This is where WP Blazer's Cloud WordPress Backup Pro comes in handy. It automatically backs everything up to their server, where you can download them at any time. This is a fantastic feature that I only use for one website I own, but it is vital for that one website to function properly.
Larger backups can be tricky to do and maintain - and upload to cloud services. That will never be a problem when using WP Blazer. You don't need to download or upload yourself - it all goes over their data centre connection. That way nothing is corrupted in the transfer process. It all sits securely on their cloud server waiting for you to take control.
This feature does not use the plugin. Plugins cannot handle the file sizes in play. That is why the backend server architecture takes the stress off your server - and puts it on WP Blazer. It is a solution that does not require your server to crunch any numbers, everything is done on WP Blazer's side.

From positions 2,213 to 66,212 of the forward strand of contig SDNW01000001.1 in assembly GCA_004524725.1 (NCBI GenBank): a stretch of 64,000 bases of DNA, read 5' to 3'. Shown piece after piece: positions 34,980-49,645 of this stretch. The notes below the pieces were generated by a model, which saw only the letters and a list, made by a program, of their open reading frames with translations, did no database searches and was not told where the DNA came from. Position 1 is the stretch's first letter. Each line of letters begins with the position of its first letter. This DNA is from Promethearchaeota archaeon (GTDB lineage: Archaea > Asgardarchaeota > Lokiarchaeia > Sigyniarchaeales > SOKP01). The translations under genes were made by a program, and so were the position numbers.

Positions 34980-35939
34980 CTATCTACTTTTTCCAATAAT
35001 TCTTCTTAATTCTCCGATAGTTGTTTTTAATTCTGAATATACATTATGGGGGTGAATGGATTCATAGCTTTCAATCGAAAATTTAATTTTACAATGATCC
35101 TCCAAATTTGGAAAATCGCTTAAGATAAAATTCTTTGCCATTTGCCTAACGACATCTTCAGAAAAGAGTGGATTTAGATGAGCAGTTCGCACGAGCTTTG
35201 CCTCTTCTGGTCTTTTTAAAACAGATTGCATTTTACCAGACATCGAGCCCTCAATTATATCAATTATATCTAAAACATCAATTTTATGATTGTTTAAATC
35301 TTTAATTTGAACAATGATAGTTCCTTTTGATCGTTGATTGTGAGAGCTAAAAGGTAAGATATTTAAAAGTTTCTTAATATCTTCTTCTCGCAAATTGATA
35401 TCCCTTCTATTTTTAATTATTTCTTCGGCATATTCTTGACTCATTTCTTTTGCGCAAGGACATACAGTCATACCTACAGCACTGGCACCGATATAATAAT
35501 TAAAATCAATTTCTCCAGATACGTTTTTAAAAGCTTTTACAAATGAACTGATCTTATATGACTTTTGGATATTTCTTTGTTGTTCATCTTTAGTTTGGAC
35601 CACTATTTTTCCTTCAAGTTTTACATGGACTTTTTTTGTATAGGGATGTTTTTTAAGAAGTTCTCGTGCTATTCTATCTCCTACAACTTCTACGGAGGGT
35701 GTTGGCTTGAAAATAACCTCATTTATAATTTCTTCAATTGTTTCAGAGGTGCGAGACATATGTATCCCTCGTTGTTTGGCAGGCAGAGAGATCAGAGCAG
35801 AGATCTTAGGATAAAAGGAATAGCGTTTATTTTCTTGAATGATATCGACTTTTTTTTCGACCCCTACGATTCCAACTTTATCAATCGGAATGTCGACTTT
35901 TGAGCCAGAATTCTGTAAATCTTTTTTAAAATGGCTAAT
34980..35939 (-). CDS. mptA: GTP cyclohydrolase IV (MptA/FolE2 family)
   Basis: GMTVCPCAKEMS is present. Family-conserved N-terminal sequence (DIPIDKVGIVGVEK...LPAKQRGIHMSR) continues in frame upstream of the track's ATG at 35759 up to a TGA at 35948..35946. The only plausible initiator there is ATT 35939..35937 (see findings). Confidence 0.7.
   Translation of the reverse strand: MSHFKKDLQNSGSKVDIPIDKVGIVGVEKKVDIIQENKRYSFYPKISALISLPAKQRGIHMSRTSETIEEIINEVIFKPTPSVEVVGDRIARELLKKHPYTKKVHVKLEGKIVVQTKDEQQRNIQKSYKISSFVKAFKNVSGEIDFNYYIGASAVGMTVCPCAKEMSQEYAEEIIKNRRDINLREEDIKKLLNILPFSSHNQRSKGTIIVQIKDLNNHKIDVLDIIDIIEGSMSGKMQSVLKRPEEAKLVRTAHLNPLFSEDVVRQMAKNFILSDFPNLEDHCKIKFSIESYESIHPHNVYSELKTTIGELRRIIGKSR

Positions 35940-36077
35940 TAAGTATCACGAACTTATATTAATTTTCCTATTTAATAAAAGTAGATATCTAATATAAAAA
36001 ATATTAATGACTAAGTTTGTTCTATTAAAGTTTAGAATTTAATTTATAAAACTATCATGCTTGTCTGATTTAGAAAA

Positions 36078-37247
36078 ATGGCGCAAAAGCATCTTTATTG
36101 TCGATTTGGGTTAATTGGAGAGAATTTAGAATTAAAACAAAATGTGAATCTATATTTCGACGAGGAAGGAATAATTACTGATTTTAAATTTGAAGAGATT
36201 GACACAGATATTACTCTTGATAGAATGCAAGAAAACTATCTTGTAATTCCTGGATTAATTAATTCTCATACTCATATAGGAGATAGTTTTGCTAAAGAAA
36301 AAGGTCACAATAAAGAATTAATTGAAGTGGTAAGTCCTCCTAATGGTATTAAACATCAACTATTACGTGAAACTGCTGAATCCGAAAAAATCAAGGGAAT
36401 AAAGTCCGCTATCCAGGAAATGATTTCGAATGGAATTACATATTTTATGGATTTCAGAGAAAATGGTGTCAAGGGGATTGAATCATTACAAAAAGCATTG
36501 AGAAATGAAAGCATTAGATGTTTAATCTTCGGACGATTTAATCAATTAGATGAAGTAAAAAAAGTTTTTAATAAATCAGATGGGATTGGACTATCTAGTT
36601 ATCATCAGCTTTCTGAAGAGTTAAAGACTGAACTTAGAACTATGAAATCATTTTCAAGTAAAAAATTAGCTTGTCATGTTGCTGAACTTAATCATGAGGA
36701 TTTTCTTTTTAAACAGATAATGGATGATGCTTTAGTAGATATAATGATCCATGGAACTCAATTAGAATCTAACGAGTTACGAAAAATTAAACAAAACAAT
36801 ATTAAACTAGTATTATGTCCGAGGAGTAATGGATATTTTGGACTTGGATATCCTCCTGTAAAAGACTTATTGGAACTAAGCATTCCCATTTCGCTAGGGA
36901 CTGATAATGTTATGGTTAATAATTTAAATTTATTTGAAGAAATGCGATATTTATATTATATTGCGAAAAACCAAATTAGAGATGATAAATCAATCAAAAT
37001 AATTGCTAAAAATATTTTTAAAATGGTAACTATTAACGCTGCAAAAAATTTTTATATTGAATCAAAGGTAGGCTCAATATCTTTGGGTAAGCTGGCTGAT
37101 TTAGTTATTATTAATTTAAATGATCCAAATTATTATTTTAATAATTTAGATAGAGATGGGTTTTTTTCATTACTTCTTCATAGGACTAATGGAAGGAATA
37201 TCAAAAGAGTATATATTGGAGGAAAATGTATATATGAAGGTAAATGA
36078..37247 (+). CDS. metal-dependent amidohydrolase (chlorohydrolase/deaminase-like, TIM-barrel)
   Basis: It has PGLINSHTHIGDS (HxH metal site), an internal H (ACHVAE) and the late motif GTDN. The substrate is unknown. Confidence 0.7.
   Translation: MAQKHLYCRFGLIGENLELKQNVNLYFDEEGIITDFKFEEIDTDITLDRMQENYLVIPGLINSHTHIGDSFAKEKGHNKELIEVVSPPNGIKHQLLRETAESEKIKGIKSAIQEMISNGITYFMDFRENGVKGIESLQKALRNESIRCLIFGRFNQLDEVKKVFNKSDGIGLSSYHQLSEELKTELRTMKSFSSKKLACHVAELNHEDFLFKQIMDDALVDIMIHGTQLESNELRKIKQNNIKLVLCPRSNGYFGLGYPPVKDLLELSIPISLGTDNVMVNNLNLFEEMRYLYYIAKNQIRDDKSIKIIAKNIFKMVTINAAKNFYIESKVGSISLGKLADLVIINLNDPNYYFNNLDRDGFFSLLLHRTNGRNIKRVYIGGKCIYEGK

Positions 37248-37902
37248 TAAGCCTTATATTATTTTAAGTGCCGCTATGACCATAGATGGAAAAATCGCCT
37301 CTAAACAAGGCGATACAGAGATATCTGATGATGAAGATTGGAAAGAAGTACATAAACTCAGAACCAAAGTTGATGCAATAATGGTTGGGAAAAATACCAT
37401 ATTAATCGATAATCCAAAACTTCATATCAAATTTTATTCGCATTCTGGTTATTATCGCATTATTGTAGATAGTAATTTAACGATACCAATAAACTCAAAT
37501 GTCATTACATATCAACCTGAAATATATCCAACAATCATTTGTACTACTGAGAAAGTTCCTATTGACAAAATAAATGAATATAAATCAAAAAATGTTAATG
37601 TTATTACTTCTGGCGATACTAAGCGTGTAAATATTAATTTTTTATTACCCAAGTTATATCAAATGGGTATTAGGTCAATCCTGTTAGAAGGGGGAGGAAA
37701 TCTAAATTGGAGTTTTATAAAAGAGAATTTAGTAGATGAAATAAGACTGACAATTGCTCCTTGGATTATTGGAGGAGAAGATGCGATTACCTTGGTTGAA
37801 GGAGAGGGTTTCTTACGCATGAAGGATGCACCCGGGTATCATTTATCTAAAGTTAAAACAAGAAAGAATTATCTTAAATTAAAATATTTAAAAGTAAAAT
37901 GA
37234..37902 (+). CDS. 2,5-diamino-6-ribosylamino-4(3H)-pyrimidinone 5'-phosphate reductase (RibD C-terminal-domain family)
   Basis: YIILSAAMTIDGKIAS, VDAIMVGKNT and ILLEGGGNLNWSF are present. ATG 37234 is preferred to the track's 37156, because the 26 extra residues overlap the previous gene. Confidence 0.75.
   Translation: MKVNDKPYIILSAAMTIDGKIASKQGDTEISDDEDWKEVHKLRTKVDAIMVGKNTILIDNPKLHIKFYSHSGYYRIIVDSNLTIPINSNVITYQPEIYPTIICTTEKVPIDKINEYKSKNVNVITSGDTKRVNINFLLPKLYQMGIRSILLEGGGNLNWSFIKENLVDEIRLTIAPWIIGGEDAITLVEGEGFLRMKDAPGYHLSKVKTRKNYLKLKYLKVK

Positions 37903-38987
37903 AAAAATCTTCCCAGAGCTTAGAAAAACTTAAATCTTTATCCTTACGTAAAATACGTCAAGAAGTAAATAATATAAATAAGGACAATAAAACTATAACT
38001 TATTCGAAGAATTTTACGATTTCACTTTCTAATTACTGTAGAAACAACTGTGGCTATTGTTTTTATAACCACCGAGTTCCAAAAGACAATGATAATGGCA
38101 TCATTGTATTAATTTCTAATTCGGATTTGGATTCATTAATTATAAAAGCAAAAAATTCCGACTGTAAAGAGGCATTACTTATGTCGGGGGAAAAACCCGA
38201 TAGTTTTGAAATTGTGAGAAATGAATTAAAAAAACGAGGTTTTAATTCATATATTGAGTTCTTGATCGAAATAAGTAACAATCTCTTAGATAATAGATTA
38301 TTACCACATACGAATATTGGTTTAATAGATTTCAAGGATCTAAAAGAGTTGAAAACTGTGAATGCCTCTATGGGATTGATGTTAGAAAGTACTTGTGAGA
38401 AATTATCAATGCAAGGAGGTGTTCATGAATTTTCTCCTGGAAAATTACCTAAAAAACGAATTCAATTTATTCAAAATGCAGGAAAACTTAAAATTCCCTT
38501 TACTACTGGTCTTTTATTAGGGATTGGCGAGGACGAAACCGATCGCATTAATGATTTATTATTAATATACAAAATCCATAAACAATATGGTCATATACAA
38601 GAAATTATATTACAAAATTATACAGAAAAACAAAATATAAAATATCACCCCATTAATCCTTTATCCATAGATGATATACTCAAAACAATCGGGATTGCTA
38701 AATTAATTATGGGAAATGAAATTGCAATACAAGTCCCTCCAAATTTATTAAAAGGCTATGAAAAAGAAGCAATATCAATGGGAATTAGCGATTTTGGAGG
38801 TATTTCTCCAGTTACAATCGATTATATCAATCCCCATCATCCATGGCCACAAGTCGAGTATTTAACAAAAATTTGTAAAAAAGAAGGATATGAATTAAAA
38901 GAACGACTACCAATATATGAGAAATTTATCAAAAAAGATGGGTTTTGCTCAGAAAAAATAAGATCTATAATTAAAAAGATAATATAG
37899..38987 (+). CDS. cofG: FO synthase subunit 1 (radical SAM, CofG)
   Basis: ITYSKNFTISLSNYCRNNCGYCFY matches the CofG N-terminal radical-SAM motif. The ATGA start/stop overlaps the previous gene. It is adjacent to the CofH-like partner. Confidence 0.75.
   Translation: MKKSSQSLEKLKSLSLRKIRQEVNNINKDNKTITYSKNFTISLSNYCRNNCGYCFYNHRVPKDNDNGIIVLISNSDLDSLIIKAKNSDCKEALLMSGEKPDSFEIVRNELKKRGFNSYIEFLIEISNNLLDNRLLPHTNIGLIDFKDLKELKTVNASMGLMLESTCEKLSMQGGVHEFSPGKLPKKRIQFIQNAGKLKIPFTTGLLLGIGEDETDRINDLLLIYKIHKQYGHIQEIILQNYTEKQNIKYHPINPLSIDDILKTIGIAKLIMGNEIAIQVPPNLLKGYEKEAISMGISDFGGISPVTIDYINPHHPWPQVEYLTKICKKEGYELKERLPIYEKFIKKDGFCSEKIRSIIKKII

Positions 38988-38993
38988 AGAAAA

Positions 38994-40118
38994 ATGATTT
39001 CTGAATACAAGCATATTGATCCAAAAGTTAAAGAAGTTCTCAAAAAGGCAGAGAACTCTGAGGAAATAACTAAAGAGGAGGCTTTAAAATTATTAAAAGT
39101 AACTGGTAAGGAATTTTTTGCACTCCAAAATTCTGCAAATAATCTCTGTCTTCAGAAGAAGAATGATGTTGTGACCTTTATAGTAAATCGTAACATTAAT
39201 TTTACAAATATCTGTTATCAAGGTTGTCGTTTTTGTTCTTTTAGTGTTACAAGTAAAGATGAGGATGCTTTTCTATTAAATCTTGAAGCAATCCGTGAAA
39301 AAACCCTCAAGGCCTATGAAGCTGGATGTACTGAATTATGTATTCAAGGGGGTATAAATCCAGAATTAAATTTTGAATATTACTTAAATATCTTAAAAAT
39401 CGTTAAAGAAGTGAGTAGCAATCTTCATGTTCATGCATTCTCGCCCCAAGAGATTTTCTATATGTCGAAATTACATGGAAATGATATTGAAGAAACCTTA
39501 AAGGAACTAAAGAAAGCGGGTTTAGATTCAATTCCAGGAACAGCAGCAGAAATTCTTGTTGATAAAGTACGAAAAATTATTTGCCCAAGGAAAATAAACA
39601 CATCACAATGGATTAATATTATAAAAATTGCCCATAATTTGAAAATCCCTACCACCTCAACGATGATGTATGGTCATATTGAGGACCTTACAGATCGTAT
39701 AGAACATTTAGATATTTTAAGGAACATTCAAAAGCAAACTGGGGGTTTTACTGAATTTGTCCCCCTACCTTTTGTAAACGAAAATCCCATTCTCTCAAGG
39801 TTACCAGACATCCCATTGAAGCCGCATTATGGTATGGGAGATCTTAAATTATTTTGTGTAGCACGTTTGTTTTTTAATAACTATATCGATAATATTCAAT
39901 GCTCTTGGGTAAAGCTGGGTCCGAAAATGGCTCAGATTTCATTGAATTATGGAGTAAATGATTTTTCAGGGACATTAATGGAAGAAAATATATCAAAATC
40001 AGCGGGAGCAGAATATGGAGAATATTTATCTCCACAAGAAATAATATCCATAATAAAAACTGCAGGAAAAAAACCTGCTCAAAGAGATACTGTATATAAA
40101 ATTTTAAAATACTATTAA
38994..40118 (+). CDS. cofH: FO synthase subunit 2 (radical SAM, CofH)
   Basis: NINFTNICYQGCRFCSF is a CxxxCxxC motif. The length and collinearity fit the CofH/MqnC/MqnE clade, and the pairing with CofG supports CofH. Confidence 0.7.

Where to Store the WordPress Backup Files
WP Blazer offers a number of providers to store your backups, all of which are industry leaders in the field of cloud backup. The most popular of all being Dropbox. The free version gives you to 3gb of space. Which should be just enough for a couple of websites and version histories. Always make multiple copies so you can choose which to use.
While Dropbox is extremely popular, you can also add in your Google Drive account to extend that storage space. However, Dropbox does have better options when it comes to choosing a package. However, I do think that these two combined provide enough space if you are looking for exclusively free storage space.
Microsoft Azure and Amazon S3 are highly scalable storage solutions that are more business orientated. They are well worth the effort to learn once your storage needs start escalating with your success.
RackSpace is the option you would go for if you want a dedicated cloud services host that gives you everything. It is a one-stop-shop for all your cloud hosting needs and is much easier to use than Amazon, at least in my experience.
Which you would use would depend on your level of experience and with which you are most comfortable. Dropbox Premium is more than enough for most people. Which makes it a great way to keep everything separate from your other business accounts. A fantastic second home for your backups in case anything happens to your primary provider.